The word is out that the world’s largest exporter of crude oil, Saudi Arabia might for a third month in a row, raise the price of its Arab Light to Asian Refiners. Furthermore, Saudi Arabia’s voluntary output cuts may indeed be extended resulting in the tightening of supply of high sulphur/sour crude.
Experts suggest that for its Arab Light Crude Saudi Aramco may raise the OSP (Official Selling Price) by roughly 45 cents in September to USD3.65 above that of Dubai/Oman quotes which would reflect Arab Light Crude’s highest premium this year.
Various analysts and experts have forecasted that Saudi Arabia will extend their voluntary cut to include September, when on August 4th OPEC + has their monthly meeting, referred to as the Joint Ministerial Monitoring Committee meeting. The current supply reductions have been a boon for oil prices especially for sour crude*.
An important indicator as to whether the OSP will move up or down is backwardation** which is a pricing structure where prices for future supply are lower than that of prompt supply, which suggests a higher demand for oil and less supply. If there is supply tightness, this is reflected in the widening of the spread which in July widened by 43 cents a barrel, typically indicating a similar rise can be expected in the OSP.
Meanwhile back on Wall St, analysts estimated that globally the demand for oil reached an all-time high in July of 102.8 million bpd. This translates to a bigger than expected 1.8 million bpd deficit in Q3 and Q4 of this year and, potentially in 2024, a circa 0.6 million bpd deficit.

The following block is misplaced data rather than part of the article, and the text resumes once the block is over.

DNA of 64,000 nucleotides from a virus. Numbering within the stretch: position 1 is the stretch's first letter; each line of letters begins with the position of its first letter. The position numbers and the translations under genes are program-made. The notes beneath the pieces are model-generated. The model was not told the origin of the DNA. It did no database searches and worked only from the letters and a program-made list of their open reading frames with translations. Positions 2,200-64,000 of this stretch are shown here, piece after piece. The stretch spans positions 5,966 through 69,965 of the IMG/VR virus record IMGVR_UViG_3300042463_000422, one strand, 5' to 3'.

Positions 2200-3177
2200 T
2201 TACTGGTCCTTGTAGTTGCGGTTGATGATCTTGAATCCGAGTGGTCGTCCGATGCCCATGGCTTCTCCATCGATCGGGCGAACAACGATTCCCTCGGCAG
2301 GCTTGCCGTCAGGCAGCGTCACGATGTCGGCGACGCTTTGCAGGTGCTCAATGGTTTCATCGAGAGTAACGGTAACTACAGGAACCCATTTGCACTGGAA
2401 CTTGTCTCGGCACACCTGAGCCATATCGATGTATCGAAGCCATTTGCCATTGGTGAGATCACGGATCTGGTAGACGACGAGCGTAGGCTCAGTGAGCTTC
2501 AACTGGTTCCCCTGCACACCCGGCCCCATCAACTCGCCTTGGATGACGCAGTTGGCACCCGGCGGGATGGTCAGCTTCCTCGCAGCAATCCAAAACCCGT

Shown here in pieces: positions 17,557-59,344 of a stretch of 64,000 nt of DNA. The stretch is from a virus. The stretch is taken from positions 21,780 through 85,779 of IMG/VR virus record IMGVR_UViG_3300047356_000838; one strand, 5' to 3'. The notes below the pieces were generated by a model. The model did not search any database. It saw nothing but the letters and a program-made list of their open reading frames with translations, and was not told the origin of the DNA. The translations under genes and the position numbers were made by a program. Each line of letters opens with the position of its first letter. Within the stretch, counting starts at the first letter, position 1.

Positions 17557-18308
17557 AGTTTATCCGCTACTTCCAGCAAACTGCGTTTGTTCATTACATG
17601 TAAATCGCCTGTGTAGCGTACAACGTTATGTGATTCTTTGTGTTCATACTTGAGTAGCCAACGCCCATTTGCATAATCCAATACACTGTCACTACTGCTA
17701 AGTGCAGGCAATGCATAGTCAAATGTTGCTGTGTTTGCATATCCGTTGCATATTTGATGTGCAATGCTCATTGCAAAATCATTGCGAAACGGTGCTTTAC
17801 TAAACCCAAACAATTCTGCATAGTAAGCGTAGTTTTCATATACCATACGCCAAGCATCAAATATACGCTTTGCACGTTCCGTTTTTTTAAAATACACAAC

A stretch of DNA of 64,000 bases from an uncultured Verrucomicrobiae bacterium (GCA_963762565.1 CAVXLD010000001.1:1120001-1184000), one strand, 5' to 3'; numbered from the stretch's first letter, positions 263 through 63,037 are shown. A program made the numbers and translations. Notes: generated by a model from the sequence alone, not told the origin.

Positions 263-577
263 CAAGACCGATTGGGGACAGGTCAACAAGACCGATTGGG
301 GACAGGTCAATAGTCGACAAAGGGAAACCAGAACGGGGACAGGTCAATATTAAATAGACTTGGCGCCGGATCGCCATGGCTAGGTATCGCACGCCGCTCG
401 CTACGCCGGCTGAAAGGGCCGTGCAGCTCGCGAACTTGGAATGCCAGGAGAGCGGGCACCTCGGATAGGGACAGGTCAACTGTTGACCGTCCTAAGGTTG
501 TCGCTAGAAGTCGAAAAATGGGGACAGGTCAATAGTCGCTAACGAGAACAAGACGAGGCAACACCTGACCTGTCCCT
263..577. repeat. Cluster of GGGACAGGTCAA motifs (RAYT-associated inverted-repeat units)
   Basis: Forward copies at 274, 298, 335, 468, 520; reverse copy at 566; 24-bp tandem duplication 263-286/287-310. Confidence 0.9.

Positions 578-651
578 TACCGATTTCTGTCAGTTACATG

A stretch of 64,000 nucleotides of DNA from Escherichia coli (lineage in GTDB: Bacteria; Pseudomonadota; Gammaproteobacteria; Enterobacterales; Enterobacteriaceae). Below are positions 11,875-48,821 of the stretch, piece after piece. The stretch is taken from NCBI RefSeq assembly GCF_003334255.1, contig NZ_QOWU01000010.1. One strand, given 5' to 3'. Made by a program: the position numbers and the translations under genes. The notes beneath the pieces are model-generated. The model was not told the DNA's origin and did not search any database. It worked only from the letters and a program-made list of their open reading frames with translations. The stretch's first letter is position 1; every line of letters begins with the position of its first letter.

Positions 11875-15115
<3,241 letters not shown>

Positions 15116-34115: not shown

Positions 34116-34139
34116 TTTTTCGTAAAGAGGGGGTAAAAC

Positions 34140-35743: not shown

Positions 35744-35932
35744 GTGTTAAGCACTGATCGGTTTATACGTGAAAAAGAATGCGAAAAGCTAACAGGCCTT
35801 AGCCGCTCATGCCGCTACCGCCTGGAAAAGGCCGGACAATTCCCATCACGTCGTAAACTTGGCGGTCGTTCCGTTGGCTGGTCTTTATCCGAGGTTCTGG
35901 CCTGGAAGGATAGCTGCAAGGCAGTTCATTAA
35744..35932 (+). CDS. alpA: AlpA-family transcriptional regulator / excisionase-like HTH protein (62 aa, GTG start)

However, the same analysts also said that OPEC spare capacity has risen significantly over the past year, plus declining US oil production costs, and international projects showing a return to growth, will limit the upside to prices.
*Sour Crude – is known for its fairly high sulphur content making it more difficult and costly to refine and can be viewed as a less desirable form of crude oil.
**Please note the backwardation is calculated on the widening or contracting of price spreads on the Middle East Benchmark Crude Dubai, which along with Brent are the most widely used benchmarks in the world for pricing physical crude.